“Listen,, my son, to your father’s instruction and do not forsake your mother’s teaching. They will be garland to grace your head and a chain to adorn your neck.” (Proverb 1:8-9)
The first and most important classroom in the school of life is the home. Both father and mother are expected to assume responsibility for training and nurturing the minds of children. Though school and church might contribute significantly to the process of education, no outside agency can equal the influence of parents at an educated force. Note that the words of the wisdom writer are addressed to the on rather than to the parents. The learner has a responsibility for attending to parental instruction.
Sadly in today’s times, we see far to often where both parents are working and they look to the schools to teach their students both what they should learn at home and also at school. This puts a burden on the teachers, like you would not believe. The responsibilities of the parents nonetheless, remain, whether they take action or not, but society loses in the end.
PRAYER FOR THE DAY:
Precious Abba, these two verses from Solomon, David’s son, point to the obvious responsibility that parents are to participate in the home with their children. Our children are missing out on these teachings from their parents, and it is obvious in the classrooms. Pour out a special anointing upon our children and their parents, all around the world, and give the children a desire to learn and the parents pride in passing along those aspects of culture, etiquette, and how and when to speak and to each other. Abba, this is a real need in the world today, and we pray You will hear and respond to this need. Let our worship then flow out of grateful hearts. This we pray. Amen
THOUGHT OF THE DAY:
“Are the rules you live by God’s will or a product of the world we live in?”
“If anyone has caused grief, he has not so much grieved me as he has grieved all of you, to some extent—-not to put it too severely. The punishment inflicted on him by the majority is sufficient for him. Now instead, you ought to forgive and comfort him, so that he will not be overwhelmed by excessive sorrow. I urge you, therefore, to reaffirm your love for him. The reason I wrote you was to see if you would stand the test and be obedient in everything. If you forgive anyone, I also forgive him. And what I have forgiven—-if there was anything to forgive—-I have forgiven in the sight of Christ for your sake. In order that Satan might not outwit us. For we are not unaware of his schemes.” (2nd Corinthians 2:5-11)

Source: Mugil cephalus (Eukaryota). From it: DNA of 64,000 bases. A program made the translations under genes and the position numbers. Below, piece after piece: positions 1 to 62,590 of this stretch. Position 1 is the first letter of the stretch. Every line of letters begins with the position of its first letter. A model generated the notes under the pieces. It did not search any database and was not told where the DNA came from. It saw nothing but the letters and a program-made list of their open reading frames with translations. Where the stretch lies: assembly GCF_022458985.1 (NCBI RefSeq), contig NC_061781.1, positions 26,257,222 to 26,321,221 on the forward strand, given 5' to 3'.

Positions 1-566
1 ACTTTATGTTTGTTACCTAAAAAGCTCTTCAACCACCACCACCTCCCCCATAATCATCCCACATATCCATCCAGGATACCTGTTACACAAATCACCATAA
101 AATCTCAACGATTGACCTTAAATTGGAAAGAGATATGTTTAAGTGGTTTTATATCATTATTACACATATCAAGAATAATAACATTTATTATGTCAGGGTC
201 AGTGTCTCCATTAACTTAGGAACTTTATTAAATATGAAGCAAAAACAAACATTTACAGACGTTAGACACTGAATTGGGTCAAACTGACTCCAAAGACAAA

Discipline should be backed with forgiveness. Church discipline may be appropriate when serious offense is involved, but Christians never are free to withhold forgiveness when a person evidences repentance. Undue punishment may cause overwhelming discouragement and grief unless Christian love is reaffirmed. Redemptive love and real forgiveness are essential in maintaining a strong fellowship in a church. Such qualities should be in good supply in any church. Discipline and punishment should never be the dominating note in a church’s life, including clergy and the laity or the body of the church.
“Brothers, if someone is caught in a sin, you who are spiritual should restore him gently. But watch yourself, or you also may be tempted. Carry each other’s burdens, and in this way you will fulfill the law of Christ.” (Galatians 6:1-2)
Redemptive love reaches out to lift up the fallen and restore them to fellowship. This love involves discipline offered gently but firmly, exercising care not to fall into the same temptation. Vindication, glee, and a sense of superiority have no place in discipline. Christian followers also demonstrate redemptive love by helping others bear their burdens. Such sharing is clear evidence of the love which Jesus says fulfills all of he law.
In faith, Christians accept Christ’s teachings as the law needed to guide life’s moral decisions. This law leads us in one basic direction—-helping people in need. The church’s unique mark before the world is our concern for and devotion to one another.
SECOND THOUGHT OF THE DAY:
“The mystery is that through the gospel the Gentiles are heirs together with Israel, members together of one body, and shares together in the promise in Christ Jesus.” (Ephesians 3:6)
The church unites all believer from all races and locations to a common ministry in Christ and a common hope for Christ’s return. The inclusion of Gentiles in God’s purposes remained mysteriously unclear under the old covenant. It became clear in Christ. Thus the importance of caring for one another, so that we all become one in Christ and we keep Satan at bay.
The mystery Paul refers to is the, “Mystery of redemption.” Thus, the mystery is that God is calling both Jew and Gentiles, making them heirs with Israel, molding them into one body in Jesus Christ. It in in this way God is building the kingdom.